In defense of Ralph Nader

Victor Hugg

In today’s day and age, Ralph Nader’s name is often uttered with scorn. Often, his name is not mentioned without being accompanied by the word “spoiler,” a derisive label that refers to his role in the U.S. presidential election of 2000. The harsh language thrown about by vengeful Democrats would lead one to the conclusion that Nader is only a mischievous man whose end goal was to siphon votes away from Al Gore; this is far from the case.

Very few seem to be acquainted with the fact that, decades ago, Nader’s brave actions carried a substantial amount of weight. In 1965, Nader published “Unsafe at Any Speed,” a book that detailed how unsafe cars were at the time. Nader’s advocacy played a significant role in the passage of the National Traffic and Motor Vehicle Safety Act of 1966. In addition to establishing several automobile safety standards — including the mandatory installation of seat belts — the legislation created the National Highway Traffic Safety Administration. Today, the NHTSA estimates that  11,000 lives are saved each year by the use of seat belts.

Nader founded and inspired the creation of many non-profit organizations. Through these organizations, Nader was involved with the development of the Occupational Safety and Health Administration, the Environmental Protection Agency, the Safe Drinking Water Act, the Freedom of Information Act, the Consumer Product Safety Commission, Surgeon General Warnings and numerous other pieces of beneficial legislation. The amount of time, money and lives saved in part because of this man is extraordinary.

Unsurprisingly, attacking corporations, as the above laws do, carries consequences. The media does not care for Nader, despite his bringing to light a multitude of issues that other politicians, most notably, other presidential candidates, refuse to discuss. For example, mainstream candidates — beholden to powerful corporate interests — downplay the consideration of bold policy ideas like a single-payer health care system or an effectual cut to our bloated military budget.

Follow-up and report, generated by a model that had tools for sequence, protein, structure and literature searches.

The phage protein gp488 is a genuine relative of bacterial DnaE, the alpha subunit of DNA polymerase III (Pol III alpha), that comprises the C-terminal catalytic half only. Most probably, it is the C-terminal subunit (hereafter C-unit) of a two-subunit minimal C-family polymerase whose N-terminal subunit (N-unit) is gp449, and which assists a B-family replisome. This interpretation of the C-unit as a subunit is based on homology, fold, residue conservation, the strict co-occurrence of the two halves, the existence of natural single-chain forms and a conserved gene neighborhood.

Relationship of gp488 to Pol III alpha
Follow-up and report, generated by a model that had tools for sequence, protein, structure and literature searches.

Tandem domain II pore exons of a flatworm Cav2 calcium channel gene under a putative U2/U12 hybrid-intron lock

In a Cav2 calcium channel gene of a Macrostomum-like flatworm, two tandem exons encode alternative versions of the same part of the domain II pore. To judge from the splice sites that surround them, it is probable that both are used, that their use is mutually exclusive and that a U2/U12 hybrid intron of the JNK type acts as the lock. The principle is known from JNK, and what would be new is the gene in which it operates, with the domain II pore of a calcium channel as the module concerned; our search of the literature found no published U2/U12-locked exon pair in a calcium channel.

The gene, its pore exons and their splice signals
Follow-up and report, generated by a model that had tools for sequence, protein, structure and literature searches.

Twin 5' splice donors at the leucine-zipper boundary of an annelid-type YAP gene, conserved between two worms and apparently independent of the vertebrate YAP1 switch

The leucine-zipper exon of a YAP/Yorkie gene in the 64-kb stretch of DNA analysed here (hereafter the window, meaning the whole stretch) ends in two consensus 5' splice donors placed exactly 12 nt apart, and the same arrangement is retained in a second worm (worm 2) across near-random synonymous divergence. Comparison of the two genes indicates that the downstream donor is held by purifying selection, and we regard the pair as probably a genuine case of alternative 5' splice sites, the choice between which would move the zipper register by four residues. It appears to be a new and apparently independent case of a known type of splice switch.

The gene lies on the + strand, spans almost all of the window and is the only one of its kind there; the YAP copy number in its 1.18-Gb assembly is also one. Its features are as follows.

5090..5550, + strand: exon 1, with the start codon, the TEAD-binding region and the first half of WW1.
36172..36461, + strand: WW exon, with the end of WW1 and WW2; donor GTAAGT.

When Ralph Nader entered the 2008 presidential race as an independent, the then-Democratic hopefuls immediately released statements unjustly connecting Nader’s presence in the 2000 presidential election with Al Gore’s loss to George W. Bush. One such statement was given by Hillary Clinton in February 2008: “His being on the Green Party [ticket] prevented Al Gore from being the greenest president we could have had, and I think that’s really unfortunate. I think we paid a big price for it. I’m pretty sad about that.”

Nader was and will likely continue to be consistently banned from being able to attend a presidential debate. In the now-notorious 2000 presidential election, networks prohibited his mere attendance to a televised broadcast of the debate. The frivolous justification used included pointing to Nader’s lack of substantial fundraising, which supposedly indicated that he would not be a factor in the race. After Bush purportedly won the election, the public turned and viciously blamed Nader for “giving the election to Bush” and for “spoiling the election.” The delusional invectives notwithstanding, it would appear Ralph Nader might have been a factor after all.

Ralph Nader is not the reason Al Gore lost in 2000. The blame rests with uninformed voters. Millions of Democrats voted Republican, or did not vote at all, and Al Gore failed to win his home state of Tennessee. In Florida, there were six other third-party candidates who received more than 537 votes, the magic number needed to sway the election.

If you are going to blame Nader, you would have to equally blame all of the others as well. Yet I would be surprised if anyone who considers themselves politically-savvy can even name those candidates today. In addition, a cursory understanding of Nader’s platform, and his position that neither mainstream party would best serve the people of the United States, would seem to indicate that a considerable amount of the people who voted for Nader would not have voted for Gore were it not for Nader’s participation in the race.

Other factors suggest Ralph Nader’s role in the 2000 election was not nearly as earth-shattering as the media made it out to be: The politicization of Bush v. Gore, confounding butterfly ballots; the fact that Jeb Bush, George W. Bush’s brother, was the governor of Florida at the time; and the fact that the analyst responsible for Fox News’ decisions in calling states for Gore or Bush was a man by the name of John Prescott Ellis, Bush’s first cousin.

Ralph Nader is a consumer rights advocate whose contributions went down in history. Look past what the public perceives him to be, and delve into his interesting, constructive past.